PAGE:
Salary hikes vs water rates increase. Big brother understands the difference but will concede to water increases. These hearings are a formality but do expose vital evidence that once again Citizens can make water increases grow into salary increases.
  • Politics as Usual
    From the first day I read about Citizens, the nonprofit, taking over and using the funds to repair infrastructure, not raising rates, etc., I knew all this was coming. It never made any sense. Can we get the former water company back?
  • Absurdly Overpaid
    I cannot understand why anyone would be so absurdly overpaid. Keep investigating these guys. They are stealing from us all.

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  1. Why not take some time to do some research before traveling to that Indiana town or city, and find the ones that are no smoking either inside, or have a patio? People like yourself are just being selfish, and unnecessarily trying to take away all indoor venues that smokers can enjoy themselves at. Last time I checked, it is still a free country, and businesses do respond to market pressure and will ban smoking, if there's enough demand by customers for it(i.e. Linebacker Lounge in South Bend, and Rack and Helen's in New Haven, IN, outside of Fort Wayne). Indiana law already unnecessarily forced restaurants with a bar area to be no smoking, so why not support those restaurants that were forced to ban smoking against their will? Also, I'm always surprised at the number of bars that chose to ban smoking on their own, in non-ban parts of Indiana I'll sometimes travel into. Whiting, IN(just southeast of Chicago) has at least a few bars that went no smoking on their own accord, and despite no selfish government ban forcing those bars to make that move against their will! I'd much rather have a balance of both smoking and non-smoking bars, rather than a complete bar smoking ban that'll only force more bars to close their doors. And besides IMO, there are much worser things to worry about, than cigarette smoke inside a bar. If you feel a bar is too smoky, then simply walk out and take your business to a different bar!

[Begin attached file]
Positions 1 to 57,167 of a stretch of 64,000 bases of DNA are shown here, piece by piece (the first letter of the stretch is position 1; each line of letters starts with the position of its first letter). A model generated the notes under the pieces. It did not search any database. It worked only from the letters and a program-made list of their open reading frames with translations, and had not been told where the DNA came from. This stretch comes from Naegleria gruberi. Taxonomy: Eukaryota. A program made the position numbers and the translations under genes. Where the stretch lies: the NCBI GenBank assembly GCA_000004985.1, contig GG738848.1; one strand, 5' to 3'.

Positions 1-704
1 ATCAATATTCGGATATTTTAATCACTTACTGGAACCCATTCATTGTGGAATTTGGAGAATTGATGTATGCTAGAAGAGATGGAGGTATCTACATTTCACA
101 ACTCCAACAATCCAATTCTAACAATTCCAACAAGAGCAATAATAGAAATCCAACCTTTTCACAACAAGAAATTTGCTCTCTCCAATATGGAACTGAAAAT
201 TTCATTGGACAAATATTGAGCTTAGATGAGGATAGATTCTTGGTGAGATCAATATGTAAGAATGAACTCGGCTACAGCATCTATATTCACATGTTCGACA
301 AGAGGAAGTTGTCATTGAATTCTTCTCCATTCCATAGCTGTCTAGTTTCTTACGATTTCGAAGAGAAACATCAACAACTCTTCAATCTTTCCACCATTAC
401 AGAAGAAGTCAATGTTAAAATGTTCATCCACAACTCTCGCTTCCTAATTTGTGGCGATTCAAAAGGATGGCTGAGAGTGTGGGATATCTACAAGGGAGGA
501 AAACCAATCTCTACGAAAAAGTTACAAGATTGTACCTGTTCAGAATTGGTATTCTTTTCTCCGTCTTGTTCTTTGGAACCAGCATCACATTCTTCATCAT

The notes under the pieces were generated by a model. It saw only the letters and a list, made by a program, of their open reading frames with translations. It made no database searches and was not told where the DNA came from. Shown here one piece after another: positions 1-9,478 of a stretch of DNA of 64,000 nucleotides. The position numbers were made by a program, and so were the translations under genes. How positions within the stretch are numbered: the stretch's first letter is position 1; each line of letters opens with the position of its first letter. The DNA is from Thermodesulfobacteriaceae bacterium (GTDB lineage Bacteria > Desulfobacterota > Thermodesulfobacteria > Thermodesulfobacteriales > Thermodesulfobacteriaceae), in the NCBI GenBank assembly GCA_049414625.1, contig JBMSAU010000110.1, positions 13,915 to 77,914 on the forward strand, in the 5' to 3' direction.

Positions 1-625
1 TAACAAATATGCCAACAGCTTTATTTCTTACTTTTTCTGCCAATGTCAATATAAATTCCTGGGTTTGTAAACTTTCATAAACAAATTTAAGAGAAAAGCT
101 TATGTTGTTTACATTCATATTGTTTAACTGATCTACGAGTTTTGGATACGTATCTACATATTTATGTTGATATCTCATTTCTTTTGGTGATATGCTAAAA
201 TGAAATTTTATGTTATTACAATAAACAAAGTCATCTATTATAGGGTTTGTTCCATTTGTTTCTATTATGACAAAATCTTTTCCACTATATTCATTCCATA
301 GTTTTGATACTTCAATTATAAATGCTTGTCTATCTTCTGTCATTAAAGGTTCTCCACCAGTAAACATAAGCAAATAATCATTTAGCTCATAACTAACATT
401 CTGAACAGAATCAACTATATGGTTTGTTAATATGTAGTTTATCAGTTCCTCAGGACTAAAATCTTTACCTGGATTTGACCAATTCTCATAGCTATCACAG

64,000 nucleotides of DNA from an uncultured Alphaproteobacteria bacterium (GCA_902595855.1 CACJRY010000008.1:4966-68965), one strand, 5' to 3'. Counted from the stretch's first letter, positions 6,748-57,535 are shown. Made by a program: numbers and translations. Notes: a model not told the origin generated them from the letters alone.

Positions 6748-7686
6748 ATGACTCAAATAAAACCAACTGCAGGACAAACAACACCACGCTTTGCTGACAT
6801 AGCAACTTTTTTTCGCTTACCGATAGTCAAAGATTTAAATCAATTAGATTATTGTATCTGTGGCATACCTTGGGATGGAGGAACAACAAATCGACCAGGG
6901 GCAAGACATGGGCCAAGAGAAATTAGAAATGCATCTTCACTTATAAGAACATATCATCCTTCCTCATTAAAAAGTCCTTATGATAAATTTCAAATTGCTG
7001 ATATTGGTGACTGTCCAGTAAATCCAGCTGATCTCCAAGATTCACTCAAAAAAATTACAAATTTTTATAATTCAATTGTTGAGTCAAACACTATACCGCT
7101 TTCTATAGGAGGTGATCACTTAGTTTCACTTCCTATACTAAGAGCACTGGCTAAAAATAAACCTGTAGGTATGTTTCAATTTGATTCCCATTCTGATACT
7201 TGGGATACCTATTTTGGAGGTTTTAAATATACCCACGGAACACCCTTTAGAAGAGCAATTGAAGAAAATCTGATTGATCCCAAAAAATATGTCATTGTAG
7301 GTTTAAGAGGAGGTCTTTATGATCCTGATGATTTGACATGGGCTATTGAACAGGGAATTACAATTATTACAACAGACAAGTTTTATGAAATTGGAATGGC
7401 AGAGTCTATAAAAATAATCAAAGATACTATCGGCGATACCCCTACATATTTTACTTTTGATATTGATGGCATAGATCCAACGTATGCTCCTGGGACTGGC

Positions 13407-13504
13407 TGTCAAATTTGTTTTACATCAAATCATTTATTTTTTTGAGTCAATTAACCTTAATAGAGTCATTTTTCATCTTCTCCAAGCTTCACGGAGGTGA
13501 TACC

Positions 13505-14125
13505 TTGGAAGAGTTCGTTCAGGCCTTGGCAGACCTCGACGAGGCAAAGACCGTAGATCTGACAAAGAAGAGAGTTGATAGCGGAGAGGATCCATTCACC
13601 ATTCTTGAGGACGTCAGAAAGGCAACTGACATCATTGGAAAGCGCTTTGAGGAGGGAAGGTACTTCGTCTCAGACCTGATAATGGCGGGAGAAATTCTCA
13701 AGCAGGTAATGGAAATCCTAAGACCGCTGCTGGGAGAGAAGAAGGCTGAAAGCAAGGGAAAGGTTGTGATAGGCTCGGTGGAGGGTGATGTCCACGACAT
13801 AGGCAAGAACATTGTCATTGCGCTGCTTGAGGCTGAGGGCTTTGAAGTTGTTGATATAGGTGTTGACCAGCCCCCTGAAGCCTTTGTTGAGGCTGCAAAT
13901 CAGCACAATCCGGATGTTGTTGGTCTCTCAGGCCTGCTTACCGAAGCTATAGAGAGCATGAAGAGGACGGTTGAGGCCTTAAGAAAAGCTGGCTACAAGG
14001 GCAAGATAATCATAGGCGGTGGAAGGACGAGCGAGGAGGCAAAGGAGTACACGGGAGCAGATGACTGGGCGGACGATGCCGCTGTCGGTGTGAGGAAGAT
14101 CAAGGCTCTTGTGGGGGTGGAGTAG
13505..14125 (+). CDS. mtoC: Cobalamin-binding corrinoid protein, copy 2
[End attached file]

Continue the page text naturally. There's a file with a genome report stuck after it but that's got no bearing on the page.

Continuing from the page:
2. As other states are realizing the harm in jailing offenders of marijuana...Indiana steps backwards into the script of Reefer Madness. Well...you guys voted for your Gov...up to you to vote him out. Signed, Citizen of Florida...the next state to have medical marijuana.

  3. It's empowering for this niche community to know that they have an advocate on their side in case things go awry. http://www.youtube.com/watch?v=Lrst9VXVKfE

  4. Apparently the settlement over Angie's List "bundling" charges hasn't stopped the practice! My membership is up for renewal, and I'm on my third email trying to get a "basic" membership rather than the "bundled" version they're trying to charge me for. Frustrating!!

  5. Well....as a vendor to both of these builders I guess I have the right to comment. Davis closed his doors with integrity.He paid me every penny he owed me. Estridge,STILL owes me thousands and thousands of dollars. The last few years of my life have been spent working 2 jobs, paying off the suppliers I used to work on Estridge jobs and just struggling to survive. Shame on you Paul...and shame on you IBJ! Maybe you should have contacted the hundreds of vendors that Paul stiffed. I'm sure your "rises from the ashes" spin on reporting would have contained true stories of real people who have struggled to find work and pay of their debts (something that Paul didn't even attempt to do).